Wednesday, October 25, 2017

Grains are back: new research shows fewer Australians are avoiding grains!

After years of going against the grain, promising new research from the Grains and Legumes Nutrition Council (GLNC) has found fewer Australians are limiting grain foods, and more of us are enjoying legumes.

The triennial Consumption Study found 47 per cent of Australians limit grains, significantly less than the 60 per cent recorded in 2014 (1). While the persistence of Paleo, low carb, and gluten free diets are likely still pushing the trend of grain-avoidance, these results suggest the wide-spread fear of grains is slowing – and that’s great news for Aussies’ health.

The evidence for grains and health is strong, and continues to develop. Grains like wheat, oats, rice, barley, and rye are nutrition powerhouses, boasting more than 26 nutrients and phytonutrients that help to protect us against chronic disease and arm us with good health. In fact, an in-depth review of more than 300 studies found whole grains and high fibre foods to be the most protective against diet related diseases of all food groups – even more so than fruit and vegetables (2)!

And the evidence around legumes (think chickpeas, lentils, kidney beans) is equally exciting, with every additional 20g eaten daily (around a tablespoon) reducing risk of early death by 7-8 per cent (3).

Overall, we’re not a country of big legume-eaters, but it’s encouraging to see a greater proportion of Australians are including them in 2017 - 28 per cent, up from 24 per cent in 2014 which continues the upward trend of consumption. This was likely fuelled by the United Nations naming 2016 the International Year of Pulses, which saw celebrity chefs showcase legumes’ versatility and simplicity to prepare, through a whole range of different recipes.

The study also picked up on some interesting trends around the grain and legume foods Australians are eating. The percentage of people eating porridge, for example, has doubled between 2014-2017, while fewer people are choosing wheat breakfast biscuits. The way we eat is evolving too, with snacking on the rise.  Bars for example, were previously eaten as part of a meal at lunch or breakfast, but this year’s results showed they are more commonly eaten as a morning or afternoon snack. We’re also eating more alternative breads like flat breads and wraps.

The GLNC 2017 Consumption Study revealed a number of
encouraging trends in the grains and legumes categories
So how can you reap the wonderful benefits grains and legumes offer? It’s as simple as adding half a cup of legumes, or an extra serve of whole grain foods to your day! Try subbing half the mince in your Bolognese with lentils, or adding a handful of oats to your morning smoothie.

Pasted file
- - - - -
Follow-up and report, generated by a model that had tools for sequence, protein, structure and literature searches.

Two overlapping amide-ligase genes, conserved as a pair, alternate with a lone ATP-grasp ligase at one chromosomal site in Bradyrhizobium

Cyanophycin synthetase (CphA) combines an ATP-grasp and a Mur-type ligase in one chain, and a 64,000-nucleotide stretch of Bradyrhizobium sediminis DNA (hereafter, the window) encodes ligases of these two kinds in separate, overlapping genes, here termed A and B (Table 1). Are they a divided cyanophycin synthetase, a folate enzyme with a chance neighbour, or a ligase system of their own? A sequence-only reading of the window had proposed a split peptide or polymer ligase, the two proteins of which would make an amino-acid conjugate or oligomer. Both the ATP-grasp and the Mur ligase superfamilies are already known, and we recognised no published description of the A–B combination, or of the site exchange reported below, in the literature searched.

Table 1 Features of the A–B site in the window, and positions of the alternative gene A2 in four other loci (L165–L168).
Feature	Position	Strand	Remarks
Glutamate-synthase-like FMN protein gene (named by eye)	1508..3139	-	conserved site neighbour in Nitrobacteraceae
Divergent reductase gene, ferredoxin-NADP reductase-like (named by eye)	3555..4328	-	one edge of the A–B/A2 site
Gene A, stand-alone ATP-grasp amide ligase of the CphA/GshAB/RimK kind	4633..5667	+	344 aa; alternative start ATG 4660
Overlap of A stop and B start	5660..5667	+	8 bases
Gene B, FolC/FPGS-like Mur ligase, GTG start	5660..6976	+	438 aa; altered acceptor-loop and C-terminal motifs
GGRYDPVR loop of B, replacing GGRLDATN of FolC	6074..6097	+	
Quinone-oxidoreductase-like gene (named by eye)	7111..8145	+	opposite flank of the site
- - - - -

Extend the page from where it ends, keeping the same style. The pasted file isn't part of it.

Check out the infographic below to find out what a serve of grains really means, and for more foodie inspiration, check out the recipe section of our website.


1. GLNC. Australian Consumption & Attitudes Study. 2017.
2. Fardet A, Boirie Y. Associations between food and beverage groups and major diet-related chronic diseases: an exhaustive review of pooled/meta-analyses and systematic reviews. Nutrition reviews. 2014;72(12):741-62.
3. Darmadi-Blackberry I, Wahlqvist ML, Kouris-Blazos A, Steen B, Lukito W, Horie Y, et al. Legumes: the most important dietary predictor of survival in older people of different ethnicities. Asia Pacific journal of clinical nutrition. 2004;13(2):217-20.

Thursday, October 12, 2017

Plant Foods Offer An Unexpected Protein Hit

Grain foods, including bread, can contribute a surprising amount of plant-based protein to our daily requirements.

While young Aussies are forking out on pricey supplements in a bid to build muscle and cut weight, new evidence has revealed an unexpected source of protein: the humble loaf of bread.

The new findings, from the Grains & Legumes Nutrition Council’s (GLNC) annual food category audit, revealed that close to one in every five loaves of wholemeal/whole grain bread assessed was considered a ‘good source’ of protein¹, boasting at least 10g per serve – the same amount found in a glass of milk or two boiled eggs.

Even white bread, often shunned as nutritionally inferior, came out on top with protein content; almost three quarters (73 per cent) of white sliced loaves were a ‘source’ of protein, with at least 5g per serve.

Felicity Curtain, Accredited Practising Dietitian and Nutrition Manager for GLNC, said this brings perspective to our nation’s protein fixation.

‘Australians are protein-obsessed, with at least 10 per cent of adults over 15 using sports supplements², but most of us can easily reach our daily needs through a range of whole foods, including bread!’

Curtain said grain foods like wheat, rye, barley and oats are naturally rich in plant-based protein, on top of other nutrients like vitamins, minerals, dietary fibre and phytochemicals.

‘When combined with other good quality protein foods like meat, eggs, dairy foods or legumes, grains will get you well on your way to meeting your protein needs.’

While individual needs vary based on age, gender, body size and activity level, protein requirements range from between 0.75-1g of protein per kilogram of body weight; around 50g per day for a 65 kilogram woman.

So forget protein shakes, try these post-exercise alternatives that offer at least 15g protein per serve:

· Two slices of whole grain toast with nut butter and sliced banana
· A bowl of whole grain cereal with Greek yoghurt and berries
· A delicious smoothie made with milk, yoghurt, fruit and rolled oats
· A whole grain roll filled with lean ham, cheese and salad
· Whole grain crackers with cheese and hummus

Visit the GLNC Website for recipes, factsheets and up-to-date information on the latest evidence around grains and legumes.


  1. GLNC. 2017 Bread Audit. Unpublished.